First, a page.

January 30, 2004 by

Pete Bucher

8 comments

Categories: Military, Writers/Editors

pbucher.jpgLloyd Mark “Pete” Bucher was captain of the U.S.S. Pueblo when it was captured by North Korea.

On Jan. 23, 1968, the lightly armed reconnaissance ship was monitoring Communist movements and intercepting messages near the North Korean coast when it was attacked by torpedo boats. One soldier was killed during the shelling, and 82 members of the crew were taken prisoner.

During their 11 months in captivity, the prisoners were battered with wood, burned on radiators and starved. According to reports from his crew, Bucher bore the brunt of the punishment. He was beaten and tortured by his captors, then forced to sign a confession. Although a carrier task force was in the region, no help was sent to rescue the Pueblo sailors.

The Americans were released on Dec. 23, 1968. North Korea kept the 177-foot vessel and turned it into a tourist attraction. Bucher, however, faced a general court martial for surrendering the ship and all its intelligence information without firing a shot. Navy Secretary John H. Chafee turned down the court martial because Bucher had “suffered enough,” but it would be another 20 years before any of the Pueblo crew would receive their prisoner of war medals from the Pentagon because the U.S. government classified them as “detainees.”

Bucher was reared at Boys Town and attended the University of Nebraska. After retiring in 1973, he spent his remaining years painting, lecturing at colleges and publishing his memoirs.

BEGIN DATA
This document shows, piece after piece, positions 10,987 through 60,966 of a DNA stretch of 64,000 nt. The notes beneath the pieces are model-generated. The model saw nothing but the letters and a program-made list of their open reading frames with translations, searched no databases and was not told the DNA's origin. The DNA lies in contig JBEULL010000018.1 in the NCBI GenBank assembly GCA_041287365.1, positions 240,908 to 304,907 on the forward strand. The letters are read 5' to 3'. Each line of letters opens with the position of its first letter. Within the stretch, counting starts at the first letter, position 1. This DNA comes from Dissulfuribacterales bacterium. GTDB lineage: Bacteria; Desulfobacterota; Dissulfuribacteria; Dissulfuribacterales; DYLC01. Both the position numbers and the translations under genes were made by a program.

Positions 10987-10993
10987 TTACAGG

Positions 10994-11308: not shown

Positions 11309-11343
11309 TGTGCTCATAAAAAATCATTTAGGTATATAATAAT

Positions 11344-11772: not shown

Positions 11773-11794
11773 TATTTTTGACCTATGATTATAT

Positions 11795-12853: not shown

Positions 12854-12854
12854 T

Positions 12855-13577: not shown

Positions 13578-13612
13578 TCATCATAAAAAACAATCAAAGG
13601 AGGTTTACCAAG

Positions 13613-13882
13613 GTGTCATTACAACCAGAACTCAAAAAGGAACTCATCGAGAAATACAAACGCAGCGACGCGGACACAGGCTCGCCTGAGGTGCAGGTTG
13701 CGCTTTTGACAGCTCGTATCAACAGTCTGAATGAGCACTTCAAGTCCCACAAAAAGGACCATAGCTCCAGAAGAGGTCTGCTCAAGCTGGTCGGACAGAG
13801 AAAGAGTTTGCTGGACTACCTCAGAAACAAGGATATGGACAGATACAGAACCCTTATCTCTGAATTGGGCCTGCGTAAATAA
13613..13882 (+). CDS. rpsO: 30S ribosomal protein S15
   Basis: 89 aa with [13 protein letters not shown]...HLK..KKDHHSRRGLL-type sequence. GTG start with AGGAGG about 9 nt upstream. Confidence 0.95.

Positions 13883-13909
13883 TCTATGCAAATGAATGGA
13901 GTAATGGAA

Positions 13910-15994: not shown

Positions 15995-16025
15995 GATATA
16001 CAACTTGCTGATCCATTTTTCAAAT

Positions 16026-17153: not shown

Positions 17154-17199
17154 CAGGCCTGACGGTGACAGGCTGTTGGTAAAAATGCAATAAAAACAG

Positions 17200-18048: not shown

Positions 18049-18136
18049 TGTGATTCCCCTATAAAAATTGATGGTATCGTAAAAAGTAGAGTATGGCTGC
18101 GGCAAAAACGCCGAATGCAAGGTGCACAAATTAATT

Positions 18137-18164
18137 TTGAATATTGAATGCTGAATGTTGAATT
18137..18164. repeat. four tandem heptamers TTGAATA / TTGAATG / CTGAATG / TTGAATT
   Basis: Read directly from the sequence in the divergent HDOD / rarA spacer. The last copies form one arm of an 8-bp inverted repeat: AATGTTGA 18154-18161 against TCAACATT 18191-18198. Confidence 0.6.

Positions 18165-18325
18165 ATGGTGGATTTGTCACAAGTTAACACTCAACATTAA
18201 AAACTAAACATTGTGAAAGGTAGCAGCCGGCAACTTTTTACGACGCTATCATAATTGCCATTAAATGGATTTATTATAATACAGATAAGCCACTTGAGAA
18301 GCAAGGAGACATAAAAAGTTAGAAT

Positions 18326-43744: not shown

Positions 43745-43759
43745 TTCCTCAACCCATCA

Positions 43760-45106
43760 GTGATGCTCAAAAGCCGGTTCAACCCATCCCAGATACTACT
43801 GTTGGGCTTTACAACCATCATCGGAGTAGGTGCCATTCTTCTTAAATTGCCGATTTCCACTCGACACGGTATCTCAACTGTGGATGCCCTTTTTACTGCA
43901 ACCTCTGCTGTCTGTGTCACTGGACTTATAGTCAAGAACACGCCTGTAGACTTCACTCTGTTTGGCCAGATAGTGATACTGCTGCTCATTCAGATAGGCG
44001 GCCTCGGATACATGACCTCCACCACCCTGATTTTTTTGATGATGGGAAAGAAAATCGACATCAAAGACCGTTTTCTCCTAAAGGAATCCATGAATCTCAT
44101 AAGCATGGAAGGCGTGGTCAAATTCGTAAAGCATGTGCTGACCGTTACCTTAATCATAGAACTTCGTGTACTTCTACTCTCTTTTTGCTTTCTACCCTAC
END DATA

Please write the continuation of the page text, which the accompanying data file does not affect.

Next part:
Former Navy Cmdr. Bucher died on Jan. 28. Cause of death was not released. He was 76.

8 Responses to Pete Bucher

  1. H. Benler

    Commander Bucher made his mark of heroism on American history; as a Nez Perce orphan he has now gone to his final home and “will fight no more forever”…

  2. Allen Ries

    Pete Bucher earned and deserved the profound thanks and respect of his Service and country. What he received instead JUST SICKENS ME !! AR

  3. DENNIS BUCKMAN Classof '72

    I remember and have many photographs of your return to the home. The pride we shared, the patriotism exhibited coujld never be captured in a photograph… Thank you sir, for the pride I still feel within my heart…

  4. Jean Walker

    I am the wife of a 20 year Army Man and I have the greatest respect for military people. A respect too big to describe for Commander Bucher, he is a great American. He should have been a man our Government stood by thru’ it all. I admired him so much I bought his book but lent it to a friend and did not get it back. Is there anywhere I can buy this book again? God Bless this great man’s family.

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